Fungal growths

Amanita muscaria - Fly Agaric

So, the long-awaited post on fungi. As I mentioned a few days ago, while out hiking the woods on our numerous excursions to the park I encountered quite a number of interesting fungus species. I dutifully took photos of everything, making sure I got a nice clear photo (as best as I could, anyway, given the low light conditions), checked the underside when I remembered to, and then came home to try to identify them.

It didn’t take me long to realize just how unhelpful a photo can be for many mushroom species. There are several that are very distinct and easy to recognize, of course, such as the above. The bright colour of the cap, covered in white spots, makes it an Amanita sp., but how to tell Amanita muscaria from Amanita flavoconia? I think this is the former, also known as Fly Agaric, which is supposed to be very common. There are different colour varieties, yellow, orange-red and bright red, with the latter being absent around the Great Lakes, but common in the west. A few species of Amanita are edible, but this brightly coloured one is poisonous. They contain amatoxins, a group that can destroy liver and kidney function in even the tiniest quantities, resulting in a relatively quick and painful death.

Scleroderma areolatum, maybe?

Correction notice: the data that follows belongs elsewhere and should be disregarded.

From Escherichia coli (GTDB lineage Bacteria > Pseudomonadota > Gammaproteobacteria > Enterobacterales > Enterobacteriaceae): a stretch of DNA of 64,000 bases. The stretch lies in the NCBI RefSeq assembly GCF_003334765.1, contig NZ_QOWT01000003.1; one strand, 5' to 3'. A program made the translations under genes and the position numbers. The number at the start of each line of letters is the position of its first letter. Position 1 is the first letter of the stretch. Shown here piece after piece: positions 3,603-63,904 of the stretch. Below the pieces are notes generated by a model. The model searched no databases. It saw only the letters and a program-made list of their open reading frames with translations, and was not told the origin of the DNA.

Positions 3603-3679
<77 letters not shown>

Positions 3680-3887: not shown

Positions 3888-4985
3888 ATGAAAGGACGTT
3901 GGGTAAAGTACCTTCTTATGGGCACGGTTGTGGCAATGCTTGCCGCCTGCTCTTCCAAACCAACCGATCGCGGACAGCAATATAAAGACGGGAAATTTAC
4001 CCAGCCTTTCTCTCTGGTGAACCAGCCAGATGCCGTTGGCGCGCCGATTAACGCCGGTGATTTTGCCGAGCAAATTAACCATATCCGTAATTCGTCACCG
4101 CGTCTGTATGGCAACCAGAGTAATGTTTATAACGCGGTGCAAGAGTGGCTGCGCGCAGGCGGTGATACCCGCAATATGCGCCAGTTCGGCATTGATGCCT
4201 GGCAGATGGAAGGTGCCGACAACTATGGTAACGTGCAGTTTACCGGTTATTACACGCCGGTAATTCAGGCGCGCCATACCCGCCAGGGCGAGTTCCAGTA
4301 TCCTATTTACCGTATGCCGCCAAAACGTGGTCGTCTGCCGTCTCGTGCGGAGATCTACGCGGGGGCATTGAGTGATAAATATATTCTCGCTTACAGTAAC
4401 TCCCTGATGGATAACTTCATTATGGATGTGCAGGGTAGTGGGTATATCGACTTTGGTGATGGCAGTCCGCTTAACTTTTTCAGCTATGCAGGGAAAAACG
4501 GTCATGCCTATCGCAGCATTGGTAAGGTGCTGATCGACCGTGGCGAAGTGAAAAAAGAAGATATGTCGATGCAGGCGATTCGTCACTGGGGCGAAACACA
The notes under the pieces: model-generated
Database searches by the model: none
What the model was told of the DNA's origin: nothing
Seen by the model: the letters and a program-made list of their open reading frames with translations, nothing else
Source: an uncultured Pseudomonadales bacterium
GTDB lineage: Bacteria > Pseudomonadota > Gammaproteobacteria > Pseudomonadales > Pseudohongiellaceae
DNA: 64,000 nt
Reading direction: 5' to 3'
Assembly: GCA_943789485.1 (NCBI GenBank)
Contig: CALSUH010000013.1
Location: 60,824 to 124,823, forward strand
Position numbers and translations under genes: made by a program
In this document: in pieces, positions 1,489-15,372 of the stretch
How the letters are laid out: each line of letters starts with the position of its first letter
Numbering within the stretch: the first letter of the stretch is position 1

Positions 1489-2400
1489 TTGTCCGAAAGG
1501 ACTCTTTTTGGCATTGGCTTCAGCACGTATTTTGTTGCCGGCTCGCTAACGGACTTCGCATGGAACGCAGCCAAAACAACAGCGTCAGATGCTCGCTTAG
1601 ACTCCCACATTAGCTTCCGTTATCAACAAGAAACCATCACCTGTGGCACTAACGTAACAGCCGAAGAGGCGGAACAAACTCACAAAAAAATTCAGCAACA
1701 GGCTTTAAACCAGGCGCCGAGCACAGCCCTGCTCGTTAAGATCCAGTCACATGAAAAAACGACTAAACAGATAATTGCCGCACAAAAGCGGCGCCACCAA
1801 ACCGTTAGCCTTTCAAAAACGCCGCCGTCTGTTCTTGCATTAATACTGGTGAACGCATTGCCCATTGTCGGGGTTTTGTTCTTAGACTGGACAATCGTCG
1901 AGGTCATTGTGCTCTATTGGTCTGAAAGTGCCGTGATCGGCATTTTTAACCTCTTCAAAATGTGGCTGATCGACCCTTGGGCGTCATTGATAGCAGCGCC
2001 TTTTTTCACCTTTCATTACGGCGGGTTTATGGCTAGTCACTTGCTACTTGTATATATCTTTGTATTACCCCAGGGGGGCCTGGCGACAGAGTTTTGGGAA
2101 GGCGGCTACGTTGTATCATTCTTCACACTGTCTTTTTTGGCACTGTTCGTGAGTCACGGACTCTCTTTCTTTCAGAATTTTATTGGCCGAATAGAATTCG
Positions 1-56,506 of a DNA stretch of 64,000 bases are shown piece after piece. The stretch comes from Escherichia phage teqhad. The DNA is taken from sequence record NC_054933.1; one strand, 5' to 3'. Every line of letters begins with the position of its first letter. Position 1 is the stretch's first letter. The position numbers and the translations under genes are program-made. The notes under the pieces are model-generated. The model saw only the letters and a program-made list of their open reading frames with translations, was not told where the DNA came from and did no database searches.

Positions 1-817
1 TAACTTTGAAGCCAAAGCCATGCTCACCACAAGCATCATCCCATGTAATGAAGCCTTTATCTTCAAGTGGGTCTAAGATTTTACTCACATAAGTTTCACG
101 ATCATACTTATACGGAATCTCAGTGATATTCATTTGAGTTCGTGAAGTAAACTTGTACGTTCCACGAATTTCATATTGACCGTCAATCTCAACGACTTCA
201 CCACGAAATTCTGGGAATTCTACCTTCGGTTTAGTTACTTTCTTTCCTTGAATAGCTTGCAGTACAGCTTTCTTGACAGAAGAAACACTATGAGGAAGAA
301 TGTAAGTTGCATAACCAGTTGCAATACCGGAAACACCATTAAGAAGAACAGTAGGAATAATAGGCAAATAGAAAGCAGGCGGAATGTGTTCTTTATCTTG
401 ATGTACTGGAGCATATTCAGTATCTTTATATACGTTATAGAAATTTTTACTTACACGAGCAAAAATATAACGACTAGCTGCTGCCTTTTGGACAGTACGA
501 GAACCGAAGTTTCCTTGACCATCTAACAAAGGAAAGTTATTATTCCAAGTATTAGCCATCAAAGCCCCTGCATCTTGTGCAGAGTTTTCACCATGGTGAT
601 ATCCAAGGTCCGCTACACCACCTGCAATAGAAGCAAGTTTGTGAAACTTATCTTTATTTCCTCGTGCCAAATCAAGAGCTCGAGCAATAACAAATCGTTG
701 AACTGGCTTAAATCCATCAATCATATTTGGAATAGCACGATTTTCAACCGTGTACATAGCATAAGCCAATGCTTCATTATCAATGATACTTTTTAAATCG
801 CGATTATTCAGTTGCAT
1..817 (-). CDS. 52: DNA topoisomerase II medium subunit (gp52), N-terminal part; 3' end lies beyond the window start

If I’m correct in my ID, this is another poisonous mushroom, Scleroderma sp., probably S. areolatum. This large, globular puffball was found growing on a ravine slope. The puffballs, at least the mushrooms I think of as puffballs, are spherical masses, lacking a stem and growing right on the ground. Growing up, there were Giant Puffballs in the woods behind my parents’ house, but I haven’t seen them for years. I thought they were the coolest things. I’m not sure if they get their name because they’re all puffed up and swollen, or because when you poke them (or they’re hit by falling raindrops, twigs, or other items) they release a big puff of spores, but either way, they’re unusual.

Lycoperdon pyriforme - Pear-shaped Puffball

There are actually edible puffballs, and this is one of them (as is the Giant Puffball). Although much tinier than the previous species, no more than an inch or two, they function in much the same manner to release their spores, except that there is a pore at the top that the spores are released through. This species is Pear-shaped Puffball, Lycoperdon pyriforme. According to the Lone Pine field guide, this is the most common puffball species in the northeast, though this is the first time I’ve encountered it. It characteristically fruits in dense clusters on rotting wood; the ones I found were at the base of a tree, so I wonder what that says about the tree. The guide notes, “Edible, but lacks flavour.”

Suillus americanus - White Pine Bolete